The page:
What Makes A Good Father?
What’s Your Lasting Legacy?
As a father myself, I have a desire to be a good one! I want to be the best father I can be for my children. I want to supply my children with the opportunities I never had and encourage them to learn what they need to learn to be a benefit to society holding tools to prosper in the opportunities they are presented with. I really want them to be the very best person they can be, achieving their goals and seeing these processes repeated through them while understanding and living to their maximum potential in life.
Fatherhood in my childhood was presented by my father being absent for a large portion of my life until he finally left in my teenage years. He did teach me a lot in my younger years so I need to reference credit where it is due.
Later on and not long after I met a beautiful lady (my now wife), I wanted to get married, have children and spend the rest of our lives together but I was concerned that my example of fatherhood may have a negative impact in my role as a father to the life of my future children. Long story short, I found a way to fill the void that was absent within my own life. I got connected to a program at a local church that valued fathers and lifted up the importance of true fatherhood and manhood in its entirety.
I would love to say that lessons learned came easy, but the truth was there was an inner-conflict in me where the truth was clashing with what I thought was right; the right image of manhood versus my distorted perspective of what I had created manhood to look like. When we are not instructed or don’t have a healthy image of something, we will fill in the gaps with what we perceive it to be. As unhealthy as it might be, we construct a complete image that is based on experience. This opens us up to living an unhealthy lifestyle which affects a wider circle than just ourselves. As men, where do we get a true image of manhood from?
The encountered clash for me was somewhere between the truth and my hurt. My anger and the only cause that would help sooth and allow necessary truth to take hold in me was forgiveness. I had harboured anger and hatred for actions made towards me. They had become a part of me, so much so that I didn’t know when the wound started and where I began. The affect was detrimental to who I wanted to be and had become the foundation of who I had become – it was unhealthy and I couldn’t see it.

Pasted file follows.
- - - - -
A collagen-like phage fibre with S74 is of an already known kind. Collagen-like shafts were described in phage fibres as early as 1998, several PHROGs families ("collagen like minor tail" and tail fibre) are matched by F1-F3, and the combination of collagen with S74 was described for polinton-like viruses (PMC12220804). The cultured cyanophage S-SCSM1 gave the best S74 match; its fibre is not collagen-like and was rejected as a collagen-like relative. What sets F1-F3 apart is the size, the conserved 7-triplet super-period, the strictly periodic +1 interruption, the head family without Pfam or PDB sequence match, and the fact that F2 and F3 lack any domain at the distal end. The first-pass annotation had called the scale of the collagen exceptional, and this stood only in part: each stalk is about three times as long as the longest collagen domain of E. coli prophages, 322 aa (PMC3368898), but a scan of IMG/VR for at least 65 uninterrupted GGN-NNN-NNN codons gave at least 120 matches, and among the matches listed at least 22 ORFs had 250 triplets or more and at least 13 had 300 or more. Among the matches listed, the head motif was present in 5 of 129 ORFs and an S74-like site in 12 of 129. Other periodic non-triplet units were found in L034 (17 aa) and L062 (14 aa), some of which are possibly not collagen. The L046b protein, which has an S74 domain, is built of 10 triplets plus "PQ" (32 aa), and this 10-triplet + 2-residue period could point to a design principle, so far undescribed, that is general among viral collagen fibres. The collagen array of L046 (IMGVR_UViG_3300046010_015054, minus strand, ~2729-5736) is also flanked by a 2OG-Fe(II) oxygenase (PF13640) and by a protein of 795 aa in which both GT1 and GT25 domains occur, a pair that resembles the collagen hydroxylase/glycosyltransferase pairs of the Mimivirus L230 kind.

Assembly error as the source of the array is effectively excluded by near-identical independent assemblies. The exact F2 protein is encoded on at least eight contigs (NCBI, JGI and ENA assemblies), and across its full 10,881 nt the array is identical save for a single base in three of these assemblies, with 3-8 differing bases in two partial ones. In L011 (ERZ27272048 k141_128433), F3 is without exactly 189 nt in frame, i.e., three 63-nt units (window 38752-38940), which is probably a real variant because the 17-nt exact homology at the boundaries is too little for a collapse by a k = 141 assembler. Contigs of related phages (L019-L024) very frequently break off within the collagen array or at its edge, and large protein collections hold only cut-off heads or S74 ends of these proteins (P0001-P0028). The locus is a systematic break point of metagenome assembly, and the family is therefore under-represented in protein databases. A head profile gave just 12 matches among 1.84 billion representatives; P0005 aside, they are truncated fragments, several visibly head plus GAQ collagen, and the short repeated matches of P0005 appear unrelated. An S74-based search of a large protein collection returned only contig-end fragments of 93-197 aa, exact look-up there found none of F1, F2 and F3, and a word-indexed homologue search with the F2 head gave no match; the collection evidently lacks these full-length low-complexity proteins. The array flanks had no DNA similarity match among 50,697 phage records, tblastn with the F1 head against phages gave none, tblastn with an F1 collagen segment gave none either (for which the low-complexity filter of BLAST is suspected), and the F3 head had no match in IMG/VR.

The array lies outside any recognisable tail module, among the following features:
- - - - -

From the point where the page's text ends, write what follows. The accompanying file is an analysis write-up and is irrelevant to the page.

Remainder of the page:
We often don’t understand the impact trauma can have in our lives. Wounds can be deep and we think because we can’t see them on the surface there isn’t anything there anymore. Sometimes what is needed is for us to be opened up to a raw state to begin a healing process. What we don’t release, we retain.
I quickly realised what I was carrying around I didn’t want to pass on to my children. What became the issue was my lack of ability to let go or release what I had been retaining. What I needed to do was seek guidance, direction and I needed to deal with my trauma. If I had a bad laceration on my leg where it was bleeding, I wouldn’t leave it but rather attend to it; but many of us don’t treat the wounds that are deep and instead we let them sit haemorrhaging simply because we can’t see them. The dilemma with that is we function from that position. Hurt people, hurt people.
Fathers who do not deal with past hurt will hurt their children greater than the hurt of dealing with the trauma, not to mention their partners. We pass on hurts to those we love; to those we should be an example too; to those we guide we leave lasting negative memories of who their father is. Hurt travels through our lineage until someone decides that it needs to stop. It can be generational!
What’s your lasting legacy? If you died tomorrow, what would be the words and actions people would remember you by? Perhaps it’s not even what people say about you but rather what will others see in your children and your children’s children. That is your legacy!
I have this desire for my children to do great things that will impact this community and world in a positive way, but also that I would help guide my grandkids and they will do the same for every generation after them. That my lineage will begin to put back the positive pieces needed within society. That the fall out of the negative impact of an absent father will begin to be reversed. This is a big dream, but now I don’t know any other way to live.
The greatest impact in my life that changed my direction wasn’t a person I talked to but rather when I began to understand and follow my Heavenly Father. When I began to believe in God. I let Him impact my life and bring healing to my soul. It wasn’t an easy journey, I had a lot of ‘stuff’ to deal with and I would love to say that He has finished with me, but He isn’t and even though the process isn’t complete, I am still a work in progress, I am no longer the same person I once was. In fact, you wouldn’t even recognise the old me!
He changed me because I let Him heal me. Change isn’t changed until it’s changed! My feelings toward my father no longer harbour resentment and hatred but show love and compassion and a desire to see my children walk in a legacy through the power of God.
If you would like to know more, or talk about your experiences, or would like to change your direction in life, I invite you to contact us. We are here for you. We are a community for our community.